Taking the bus to and from school for those last fifty days or so of school was torture. Not because kids make fun of me, which they didn’t, or because I was part of some experiment related to desegregation, which I wasn’t. I hated the smell, of bubblegum and Now-&-Laters, of sweat from recess and gym, of exhaust fumes from cars because our little TFD bus wasn’t air-conditioned. Mostly, I couldn’t stand the forty-five minutes or hour that it would take to go from 616 to Nathan Hale, picking up kids all through Mount Vernon along the way.
Fourteen years later, in an upper-level US urban history undergraduate course (my last history class before grad school) at the University of Pittsburgh, one of my required readings was J. Anthony Lukas‘ Common Ground (1985), his Pulitzer Prize-winning book on busing and school desegregation in Boston. There were so many powerful parts of Lukas’ book that piqued my interest. His coverage of parents from all sides of the busing controversy. The sense that school desegregation was a bit of a Pyrrhic victory legally, but not so much culturally, because of the “hearts and minds” issues around race. What struck me, though, was the limited perspective Lukas provided on kids who had to ride these buses between Black, White, and Puerto Rican neighborhoods to get to these schools throughout Boston.
I imagined what it would’ve been like to bus in Boston during my K-2 years. I had it hard enough as a child of abuse and divorce, with a move to an uncertain future, and with at least one teacher who saw me as little more than human garbage. Add screaming and spit-flying from White parents raging over school desegregation? I really could’ve been written off, never having a chance to become a good student, and more importantly, a lifelong learner. Maybe the only lesson I would’ve learned from busing was that Whites against busing have serious high-blood pressure issues. Or, more realistically, that White parents didn’t want me to become friends with their kids.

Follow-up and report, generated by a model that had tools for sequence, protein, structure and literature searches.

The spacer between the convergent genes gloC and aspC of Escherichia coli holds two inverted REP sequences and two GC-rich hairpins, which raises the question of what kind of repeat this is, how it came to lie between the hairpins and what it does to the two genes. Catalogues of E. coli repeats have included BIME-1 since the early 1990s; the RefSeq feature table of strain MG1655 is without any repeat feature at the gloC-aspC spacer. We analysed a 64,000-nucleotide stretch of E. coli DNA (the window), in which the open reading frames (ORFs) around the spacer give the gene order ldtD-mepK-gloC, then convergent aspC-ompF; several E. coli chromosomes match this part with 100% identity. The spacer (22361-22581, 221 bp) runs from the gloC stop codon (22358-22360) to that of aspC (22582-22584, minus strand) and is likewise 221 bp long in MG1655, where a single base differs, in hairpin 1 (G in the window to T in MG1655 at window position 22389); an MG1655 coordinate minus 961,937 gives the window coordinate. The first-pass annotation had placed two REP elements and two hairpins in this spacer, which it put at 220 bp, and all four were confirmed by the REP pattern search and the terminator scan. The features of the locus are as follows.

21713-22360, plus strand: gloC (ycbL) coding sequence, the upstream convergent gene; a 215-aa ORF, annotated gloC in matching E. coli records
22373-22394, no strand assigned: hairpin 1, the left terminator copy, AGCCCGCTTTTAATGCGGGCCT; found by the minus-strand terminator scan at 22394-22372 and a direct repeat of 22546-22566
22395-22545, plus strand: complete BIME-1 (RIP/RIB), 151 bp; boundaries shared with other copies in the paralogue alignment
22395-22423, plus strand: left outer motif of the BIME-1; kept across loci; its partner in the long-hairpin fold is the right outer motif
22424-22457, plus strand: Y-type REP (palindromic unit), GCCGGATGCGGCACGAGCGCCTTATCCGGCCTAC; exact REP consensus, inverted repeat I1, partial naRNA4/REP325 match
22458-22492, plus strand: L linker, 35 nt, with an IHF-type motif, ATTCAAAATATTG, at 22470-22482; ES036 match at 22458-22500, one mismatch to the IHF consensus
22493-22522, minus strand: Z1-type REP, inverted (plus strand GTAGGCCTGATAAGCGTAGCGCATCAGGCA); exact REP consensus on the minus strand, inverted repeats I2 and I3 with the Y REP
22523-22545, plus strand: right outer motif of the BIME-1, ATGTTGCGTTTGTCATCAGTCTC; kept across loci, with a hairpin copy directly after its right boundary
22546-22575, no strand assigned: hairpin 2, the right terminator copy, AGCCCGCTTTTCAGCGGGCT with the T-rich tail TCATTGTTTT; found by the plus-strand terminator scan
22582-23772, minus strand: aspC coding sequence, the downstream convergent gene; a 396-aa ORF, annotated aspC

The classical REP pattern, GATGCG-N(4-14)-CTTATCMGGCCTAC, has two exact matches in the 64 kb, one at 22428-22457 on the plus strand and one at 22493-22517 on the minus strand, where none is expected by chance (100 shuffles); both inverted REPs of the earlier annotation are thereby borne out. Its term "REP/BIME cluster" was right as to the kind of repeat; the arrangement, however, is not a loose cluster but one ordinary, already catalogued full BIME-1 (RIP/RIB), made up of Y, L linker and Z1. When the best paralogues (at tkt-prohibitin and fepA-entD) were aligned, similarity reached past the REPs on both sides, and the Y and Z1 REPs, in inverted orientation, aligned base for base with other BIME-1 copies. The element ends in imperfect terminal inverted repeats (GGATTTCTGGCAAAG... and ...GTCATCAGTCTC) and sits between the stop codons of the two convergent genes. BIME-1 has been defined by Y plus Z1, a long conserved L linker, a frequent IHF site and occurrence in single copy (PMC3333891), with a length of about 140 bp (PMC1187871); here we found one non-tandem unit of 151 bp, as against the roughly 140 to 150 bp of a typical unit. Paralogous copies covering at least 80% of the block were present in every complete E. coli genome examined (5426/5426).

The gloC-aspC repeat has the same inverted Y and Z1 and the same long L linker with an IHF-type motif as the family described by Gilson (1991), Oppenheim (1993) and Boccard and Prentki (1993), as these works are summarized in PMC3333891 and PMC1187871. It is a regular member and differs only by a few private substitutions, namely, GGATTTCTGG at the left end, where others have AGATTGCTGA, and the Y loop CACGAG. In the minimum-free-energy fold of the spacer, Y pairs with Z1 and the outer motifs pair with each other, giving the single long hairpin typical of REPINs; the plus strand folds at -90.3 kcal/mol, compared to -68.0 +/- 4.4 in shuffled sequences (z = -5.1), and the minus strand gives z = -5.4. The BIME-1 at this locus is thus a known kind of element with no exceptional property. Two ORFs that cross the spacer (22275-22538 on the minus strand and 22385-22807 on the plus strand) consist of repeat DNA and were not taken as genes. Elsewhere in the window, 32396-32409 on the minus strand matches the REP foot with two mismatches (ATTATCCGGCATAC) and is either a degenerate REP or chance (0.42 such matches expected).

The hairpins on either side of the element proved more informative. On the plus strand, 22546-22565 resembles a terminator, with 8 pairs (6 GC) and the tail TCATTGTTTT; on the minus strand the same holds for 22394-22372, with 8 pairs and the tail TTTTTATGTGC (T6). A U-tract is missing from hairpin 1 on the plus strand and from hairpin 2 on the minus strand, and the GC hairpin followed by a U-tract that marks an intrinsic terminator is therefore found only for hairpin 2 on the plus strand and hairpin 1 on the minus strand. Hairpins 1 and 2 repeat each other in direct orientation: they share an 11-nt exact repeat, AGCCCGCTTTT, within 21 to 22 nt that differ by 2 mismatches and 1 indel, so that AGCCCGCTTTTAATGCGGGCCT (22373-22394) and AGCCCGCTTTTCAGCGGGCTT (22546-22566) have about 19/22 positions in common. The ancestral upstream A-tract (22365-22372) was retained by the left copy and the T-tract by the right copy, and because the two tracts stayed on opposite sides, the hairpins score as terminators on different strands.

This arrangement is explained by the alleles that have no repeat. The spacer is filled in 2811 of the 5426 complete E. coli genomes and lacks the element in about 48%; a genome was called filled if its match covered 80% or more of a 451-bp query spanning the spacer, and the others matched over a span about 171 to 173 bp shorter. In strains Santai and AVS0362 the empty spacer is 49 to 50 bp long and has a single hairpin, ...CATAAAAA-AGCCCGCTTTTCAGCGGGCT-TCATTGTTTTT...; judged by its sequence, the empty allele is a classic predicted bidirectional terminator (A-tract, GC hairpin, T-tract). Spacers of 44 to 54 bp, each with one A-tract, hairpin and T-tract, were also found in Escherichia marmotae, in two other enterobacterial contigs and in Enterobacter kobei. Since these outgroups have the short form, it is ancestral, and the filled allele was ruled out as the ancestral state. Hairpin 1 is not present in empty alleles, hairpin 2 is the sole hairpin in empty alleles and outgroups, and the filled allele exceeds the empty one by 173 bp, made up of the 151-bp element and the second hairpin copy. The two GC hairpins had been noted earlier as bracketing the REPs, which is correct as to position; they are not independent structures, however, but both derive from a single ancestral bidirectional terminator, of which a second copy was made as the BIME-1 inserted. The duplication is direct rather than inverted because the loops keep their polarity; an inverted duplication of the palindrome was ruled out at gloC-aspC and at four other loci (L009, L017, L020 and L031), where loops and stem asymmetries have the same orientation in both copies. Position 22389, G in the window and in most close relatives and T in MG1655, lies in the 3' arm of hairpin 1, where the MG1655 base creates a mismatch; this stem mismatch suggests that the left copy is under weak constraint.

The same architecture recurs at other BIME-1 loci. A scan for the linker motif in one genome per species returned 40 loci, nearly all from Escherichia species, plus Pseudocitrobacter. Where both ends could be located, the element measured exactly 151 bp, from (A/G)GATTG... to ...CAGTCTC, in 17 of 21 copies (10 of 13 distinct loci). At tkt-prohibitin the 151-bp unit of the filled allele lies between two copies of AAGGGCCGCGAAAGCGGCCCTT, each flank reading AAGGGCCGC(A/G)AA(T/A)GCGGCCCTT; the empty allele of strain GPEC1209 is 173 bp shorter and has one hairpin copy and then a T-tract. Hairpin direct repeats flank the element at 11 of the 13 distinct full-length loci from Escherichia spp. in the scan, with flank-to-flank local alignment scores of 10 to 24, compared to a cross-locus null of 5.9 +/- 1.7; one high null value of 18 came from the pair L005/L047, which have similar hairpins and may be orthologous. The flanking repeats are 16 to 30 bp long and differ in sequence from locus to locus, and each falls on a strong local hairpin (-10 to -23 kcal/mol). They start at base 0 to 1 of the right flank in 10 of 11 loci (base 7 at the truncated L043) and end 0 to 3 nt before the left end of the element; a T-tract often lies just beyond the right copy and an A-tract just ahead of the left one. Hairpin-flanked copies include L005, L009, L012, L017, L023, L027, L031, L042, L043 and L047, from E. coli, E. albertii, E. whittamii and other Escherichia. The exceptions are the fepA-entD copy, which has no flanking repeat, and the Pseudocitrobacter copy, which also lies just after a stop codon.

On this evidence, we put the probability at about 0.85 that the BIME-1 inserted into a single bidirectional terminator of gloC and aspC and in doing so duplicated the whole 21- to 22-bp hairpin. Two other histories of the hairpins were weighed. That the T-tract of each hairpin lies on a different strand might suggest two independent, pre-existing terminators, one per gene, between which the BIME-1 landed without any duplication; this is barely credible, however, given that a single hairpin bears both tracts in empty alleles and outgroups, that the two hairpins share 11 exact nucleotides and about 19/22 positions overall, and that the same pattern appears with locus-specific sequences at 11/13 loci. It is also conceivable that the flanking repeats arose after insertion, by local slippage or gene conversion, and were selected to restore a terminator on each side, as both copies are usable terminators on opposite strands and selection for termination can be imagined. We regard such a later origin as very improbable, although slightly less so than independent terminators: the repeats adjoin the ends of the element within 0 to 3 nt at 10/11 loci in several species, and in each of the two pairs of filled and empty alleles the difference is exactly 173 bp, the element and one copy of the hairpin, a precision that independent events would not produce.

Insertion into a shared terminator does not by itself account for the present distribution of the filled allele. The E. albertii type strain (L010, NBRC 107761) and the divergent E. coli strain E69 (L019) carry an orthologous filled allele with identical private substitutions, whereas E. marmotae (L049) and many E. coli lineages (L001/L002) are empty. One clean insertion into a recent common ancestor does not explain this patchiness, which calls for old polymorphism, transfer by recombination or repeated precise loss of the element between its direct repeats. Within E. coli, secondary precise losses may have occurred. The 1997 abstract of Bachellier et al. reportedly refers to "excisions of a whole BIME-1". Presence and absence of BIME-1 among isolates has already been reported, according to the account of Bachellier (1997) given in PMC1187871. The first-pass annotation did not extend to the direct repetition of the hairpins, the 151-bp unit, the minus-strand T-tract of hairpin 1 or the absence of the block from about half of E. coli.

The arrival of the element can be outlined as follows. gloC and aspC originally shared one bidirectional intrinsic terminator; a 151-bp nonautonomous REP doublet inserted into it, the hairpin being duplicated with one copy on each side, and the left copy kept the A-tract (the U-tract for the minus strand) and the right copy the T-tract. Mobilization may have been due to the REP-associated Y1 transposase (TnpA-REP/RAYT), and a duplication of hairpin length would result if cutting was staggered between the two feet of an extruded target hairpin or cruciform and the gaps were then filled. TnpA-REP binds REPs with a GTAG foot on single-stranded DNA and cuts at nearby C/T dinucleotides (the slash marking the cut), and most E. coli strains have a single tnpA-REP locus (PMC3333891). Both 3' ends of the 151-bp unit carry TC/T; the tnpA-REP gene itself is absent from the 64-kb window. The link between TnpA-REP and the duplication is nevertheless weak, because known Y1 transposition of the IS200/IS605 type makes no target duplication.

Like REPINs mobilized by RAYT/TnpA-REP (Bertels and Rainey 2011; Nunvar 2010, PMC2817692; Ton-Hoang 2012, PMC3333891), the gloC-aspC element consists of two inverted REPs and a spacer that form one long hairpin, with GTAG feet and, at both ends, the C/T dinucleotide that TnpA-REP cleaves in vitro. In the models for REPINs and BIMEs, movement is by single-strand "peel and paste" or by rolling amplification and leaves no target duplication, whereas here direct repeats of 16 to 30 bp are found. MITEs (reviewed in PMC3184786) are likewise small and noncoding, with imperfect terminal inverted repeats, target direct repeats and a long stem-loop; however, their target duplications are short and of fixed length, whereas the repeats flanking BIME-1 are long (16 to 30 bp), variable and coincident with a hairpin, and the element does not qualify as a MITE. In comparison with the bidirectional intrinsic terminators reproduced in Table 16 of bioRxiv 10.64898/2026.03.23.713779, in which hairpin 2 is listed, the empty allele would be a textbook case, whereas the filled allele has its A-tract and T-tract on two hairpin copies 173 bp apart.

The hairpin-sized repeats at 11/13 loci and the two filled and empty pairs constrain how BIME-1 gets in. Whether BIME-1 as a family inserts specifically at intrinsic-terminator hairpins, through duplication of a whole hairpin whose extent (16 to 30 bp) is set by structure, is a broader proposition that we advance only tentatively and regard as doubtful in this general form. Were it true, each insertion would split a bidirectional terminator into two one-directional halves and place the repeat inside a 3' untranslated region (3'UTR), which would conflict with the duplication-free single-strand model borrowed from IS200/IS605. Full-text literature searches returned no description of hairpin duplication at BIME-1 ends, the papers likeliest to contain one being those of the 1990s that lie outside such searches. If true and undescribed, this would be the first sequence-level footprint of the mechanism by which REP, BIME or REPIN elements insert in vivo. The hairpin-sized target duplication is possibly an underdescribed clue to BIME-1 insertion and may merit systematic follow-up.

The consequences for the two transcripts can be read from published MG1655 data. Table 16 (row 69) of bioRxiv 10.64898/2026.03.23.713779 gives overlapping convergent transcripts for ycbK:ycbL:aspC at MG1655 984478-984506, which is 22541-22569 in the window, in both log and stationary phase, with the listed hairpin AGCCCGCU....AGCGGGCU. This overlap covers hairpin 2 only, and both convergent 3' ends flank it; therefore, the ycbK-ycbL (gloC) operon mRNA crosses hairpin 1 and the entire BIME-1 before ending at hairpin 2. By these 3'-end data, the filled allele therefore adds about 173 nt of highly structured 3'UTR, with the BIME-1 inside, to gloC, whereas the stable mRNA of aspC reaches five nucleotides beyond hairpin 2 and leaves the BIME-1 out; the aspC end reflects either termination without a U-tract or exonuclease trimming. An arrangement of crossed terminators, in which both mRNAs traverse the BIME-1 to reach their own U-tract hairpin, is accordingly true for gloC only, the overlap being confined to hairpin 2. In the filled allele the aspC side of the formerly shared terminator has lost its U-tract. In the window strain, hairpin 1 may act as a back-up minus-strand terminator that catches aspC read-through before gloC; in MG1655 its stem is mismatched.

Either way, Lukas helped me realize, maybe for the first time, how twisted and evil American society would have to be to expose kids to blatant racism and not-so-blatant economic inequalities as demonstrated through busing.
Ambivalence, AP US History, Career Decisions, Career Development, CMU, Commitment, Editors, Graduate School, Historian, History, Nonprofit World, Nuance, PhD, Self-Discovery, Self-Reflection, Teaching and Learning, UMUC, Writer, Writing
Right now I sit between two important dates in my life. One was a few days ago, the thirtieth anniversary of my triumph on the AP US History exam in eleventh grade. Two will be in two days, the nineteenth anniversary me of graduating from Carnegie Mellon with my PhD in History. Both are signifiers of my achievements, my ambitions, and of my becoming a professional historian. But in the decade after earning my first college credits and the nearly two decades since earning my doctorate, I’ve still had a few lingering questions about where and who I am professionally.
One of those questions I’ve discussed ad nauseam here. Am I a writer who’s also an academically trained historian, or am I a historian first and a writer second? Or, can I be both at the same time? For better and worse, I am always both, but can emphasize one or the other at random, depending on context.
Other questions, though, have lingered even after spending more than a decade in the nonprofit world and another eight years teaching a full slate of undergraduate history courses. Do I still enjoy teaching history? Does my experience working on real world issues in civic education, social justice, and educational equity cloud how I see myself when I’m lecturing on the Agricultural Revolution or the Middle Passage? How is it possible for me to reconcile myself as a freelance writer who wants to take my academic historian experience, combine it with my other professional and personal experiences, and write about it for editors with little clue about the roads I’ve traveled? Is it even possible to un-layer the onion of my life and write about it to my or anyone else’s satisfaction? And if so, am I still a historian when doing so?